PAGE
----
Employees are motivated by a range of factors including salary and advancement opportunities. A recent study suggests that 95% of employees are looking for flexitime as a priority, so if you are an employer it could well be worth offering your staff flexible working conditions if you want to attract the brightest candidates and keep them. This article covers the benefits for employers. (For employee benefits read part one here.)
The key benefits for employers include:
- Staff retention. Statistics show that employees are more likely to stay put if the company they work for offers flexibility. Approximately 80% of staff surveyed at Accenture claim their ability to balance their work and home life affects their desire to stay at the company. Of the staff surveyed at AstraZeneca's , 80% of women and 61% of men said flexibility was ‘very important’ when it comes to deciding whether to stay with the company.
- Low-cost rewards. Flexible working practices cost next to nothing to implement but can be seen as a huge reward for employees. Up there with better salary and promotion opportunities, flexitime can make a big difference to staff members’ productivity and job satisfaction.
- Reduced sickness absence. Working flexibly can help to maintain a healthier work-life balance. As a result, many employers find that short-term absence is quickly reduced, while long-term sickness caused by stress and related illness also tends to drop. Flexible workout helps employees to avoid burnout and cuts the sickness absence cost associated with this.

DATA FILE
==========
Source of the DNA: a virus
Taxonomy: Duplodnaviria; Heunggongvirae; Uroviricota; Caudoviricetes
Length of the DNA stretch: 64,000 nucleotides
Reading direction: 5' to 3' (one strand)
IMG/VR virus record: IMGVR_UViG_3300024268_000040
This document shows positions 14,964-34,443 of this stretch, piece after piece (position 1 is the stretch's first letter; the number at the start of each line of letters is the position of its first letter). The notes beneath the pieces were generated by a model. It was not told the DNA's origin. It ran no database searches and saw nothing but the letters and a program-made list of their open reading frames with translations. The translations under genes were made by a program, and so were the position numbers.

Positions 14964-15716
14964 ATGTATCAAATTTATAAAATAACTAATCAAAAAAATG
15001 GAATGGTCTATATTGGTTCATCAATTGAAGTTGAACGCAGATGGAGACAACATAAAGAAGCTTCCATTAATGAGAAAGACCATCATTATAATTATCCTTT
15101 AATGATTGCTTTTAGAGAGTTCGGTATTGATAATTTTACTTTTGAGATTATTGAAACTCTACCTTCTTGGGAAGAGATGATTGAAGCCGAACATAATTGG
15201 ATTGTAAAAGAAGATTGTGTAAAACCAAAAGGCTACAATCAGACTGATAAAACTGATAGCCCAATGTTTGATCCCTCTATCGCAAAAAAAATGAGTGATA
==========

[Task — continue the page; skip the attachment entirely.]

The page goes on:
- Greater efficiency. Flexitime gives staff an incentive to get the job done in a shorter space of time. Rather than stretching tasks to fit the standard nine to five, employees are more likely to get the job done quickly so they can clock off at a more convenient time.
- Better working relationships. Allowing staff to manage their own working hours makes them feel more trusted and valued. This can improve relationships between managers and employees as conditions are less rigid.
- Cheaper working arrangements. If your staff members are coming in at different times of day it may be possible to cut back on desk space, equipment and utility costs, which could lead to significant savings.
Provided that employees do the hours they are contracted to do – at whatever the time of day that might be – employers should have no reason to stand against flexible working opportunities. The benefits are proven and there are no real downsides.